15 November 2012

Let the Little Ones Come to Him

"You should go to adoration more often! But find a sitter; no one wants you to bring your baby."

I was so happy this morning to realize that I have the car on the day that our cathedral offers adoration. It's right on the way from the bank to the chiropractor... I was joyfully arranging my day in my head for no more than thirty seconds, though, before I remembered what someone had said to me the last time I mentioned how much I missed adoration. "No one wants you to bring your baby."

I'm torn. I know that she didn't intend to insult -- she wasn't implying that Little Bear in particular is a badly-behaved child who doesn't belong in church. She was expressing a feeling which I've found very common among churchgoers: that at church, if your children cannot be seen and not heard, they should not be seen at all. That babies make noise, and noise distracts others from prayer, thus babies are an unwanted distraction at church.

But what is that supposed to tell a new mother? That she shouldn't even bother to strive for holiness until all of the children are old enough to keep quiet and not distract her? That her desire to spend time before the Blessed Sacrament is selfish? How many of the women who peer balefully at the her, popping in to adoration with an infant, are the same ones who told her to "pray for more grace" when she sighed in despair over her own mental and spiritual exhaustion? Oh, they meant to say "pray, but not in our church."

Then were little children presented to him, that he should impose hands upon them and pray. And the disciples rebuked them. But Jesus said to them: Suffer the little children, and forbid them not to come to me: for the kingdom of heaven is for such.

Matthew 19:13-14

Now, there's clearly a difference between a mother kneeling and rocking a baby as he makes faint unhappy noises behind his pacifier, and a mother who ignores her child as he screams at the top of his lungs or crawls around getting in others' way. As parents, as parishioners, as human beings, we recognize the demands of common courtesy and step outside with a child who is becoming too great a disruption and needs to calm down.

But notice that Christ does not make such a distinction: He does not say, let the happy children come but forbid those noisy crying ones. He welcomes all of them, as He welcomes all of us. Surely no one could argue that it offends God to have a crying baby in church, when the baby is pure and innocent and the adults sitting there quietly are all sinners. If He wishes us to be in His presence, how much more must the presence of the innocent soul of the child please Him?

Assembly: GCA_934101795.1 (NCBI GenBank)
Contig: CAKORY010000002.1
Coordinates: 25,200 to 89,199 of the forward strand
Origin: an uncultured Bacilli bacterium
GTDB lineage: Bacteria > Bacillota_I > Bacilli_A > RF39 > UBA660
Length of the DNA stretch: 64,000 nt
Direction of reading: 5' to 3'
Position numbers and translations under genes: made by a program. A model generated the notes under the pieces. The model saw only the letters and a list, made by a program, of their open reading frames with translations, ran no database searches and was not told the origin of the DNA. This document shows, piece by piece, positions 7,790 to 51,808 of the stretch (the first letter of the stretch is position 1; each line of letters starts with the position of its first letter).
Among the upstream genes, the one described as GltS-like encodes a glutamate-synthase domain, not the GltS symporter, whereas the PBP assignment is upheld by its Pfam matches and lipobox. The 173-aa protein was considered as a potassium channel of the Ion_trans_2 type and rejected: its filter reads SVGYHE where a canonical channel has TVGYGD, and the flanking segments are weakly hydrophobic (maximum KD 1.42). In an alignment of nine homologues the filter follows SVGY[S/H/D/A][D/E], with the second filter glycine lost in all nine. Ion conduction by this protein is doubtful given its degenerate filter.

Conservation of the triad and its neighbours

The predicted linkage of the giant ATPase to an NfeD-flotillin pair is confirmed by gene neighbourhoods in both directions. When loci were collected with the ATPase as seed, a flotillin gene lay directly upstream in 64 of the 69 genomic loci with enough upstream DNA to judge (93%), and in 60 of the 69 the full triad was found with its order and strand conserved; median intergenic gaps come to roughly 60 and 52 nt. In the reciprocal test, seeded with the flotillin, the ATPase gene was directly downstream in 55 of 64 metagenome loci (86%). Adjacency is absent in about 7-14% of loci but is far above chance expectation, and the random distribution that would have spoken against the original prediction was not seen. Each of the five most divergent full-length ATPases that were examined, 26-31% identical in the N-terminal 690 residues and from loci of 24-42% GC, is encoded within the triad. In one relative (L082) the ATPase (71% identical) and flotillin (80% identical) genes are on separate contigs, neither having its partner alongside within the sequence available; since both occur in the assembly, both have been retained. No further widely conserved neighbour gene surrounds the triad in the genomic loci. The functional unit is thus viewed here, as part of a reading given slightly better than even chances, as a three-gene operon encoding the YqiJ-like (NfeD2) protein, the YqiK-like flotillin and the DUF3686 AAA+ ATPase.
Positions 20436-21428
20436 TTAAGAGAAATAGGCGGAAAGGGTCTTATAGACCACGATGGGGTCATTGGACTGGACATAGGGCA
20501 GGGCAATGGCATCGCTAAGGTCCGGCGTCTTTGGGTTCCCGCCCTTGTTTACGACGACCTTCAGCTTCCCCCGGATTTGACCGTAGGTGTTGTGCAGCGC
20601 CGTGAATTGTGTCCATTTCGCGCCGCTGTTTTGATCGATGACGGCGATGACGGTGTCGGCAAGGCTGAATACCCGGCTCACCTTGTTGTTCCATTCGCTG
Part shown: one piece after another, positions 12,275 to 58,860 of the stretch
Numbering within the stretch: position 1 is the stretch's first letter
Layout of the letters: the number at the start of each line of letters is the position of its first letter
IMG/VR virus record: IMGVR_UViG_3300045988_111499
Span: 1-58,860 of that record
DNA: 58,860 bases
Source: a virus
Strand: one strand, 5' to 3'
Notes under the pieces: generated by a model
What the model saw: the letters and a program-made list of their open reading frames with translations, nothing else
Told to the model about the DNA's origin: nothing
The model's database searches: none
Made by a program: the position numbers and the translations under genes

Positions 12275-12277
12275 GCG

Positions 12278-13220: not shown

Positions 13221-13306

Having a child does affect the way the new parents participate in the life of the Church: a holy hour with an infant is impractical, unless the child falls asleep, but that does not preclude a briefer period of time before the Blessed Sacrament. We have to think more about where we sit now, positioning ourselves near an exit so that I can take Little Bear outside quickly if he gets upset, but that does not mean I don't bring him to church.

I think we will still try to make it to adoration today, for as long as Little Bear will keep quiet. Hopefully there will be a spot near the door, so that we can escape quickly when he is tired of being good. It will be good for me, too, to have such a good reminder that my mind should be on the one Who does want to see Little Bear and me there today.

1 comment:

  1. Our pastor specifically said to bring the kids and babies to adoration. If they're noisy, make it a shorter visit than if they were being quiet. But it's better that you take them than you not go at all.

    I'm one of those people who thinks that children belong in church. If they're being noisy or disruptive or crying, it's okay to take them out to the back or in a cry room if there is one. Or if they're being distracting during adoration, to head out early. But I'd rather they be in church where they belong. (That being said, I do know that some parents choose not to take their child to mass until they're old enough to hear and obey and understand how to behave. That's their decision, and since mass isn't required until the age of reason, they can do that. But I always felt that for us, teaching Andrew and Peter that mass on Sunday is just something that we do, right from the start, just like we eat supper at 6 and go to bed at 7:30...we go to mass on Sunday.)

    We went to mass last Sunday at a parish that wasn't ours, and I noticed that it was a lot louder, because there were so many children in attendance. It made me so happy.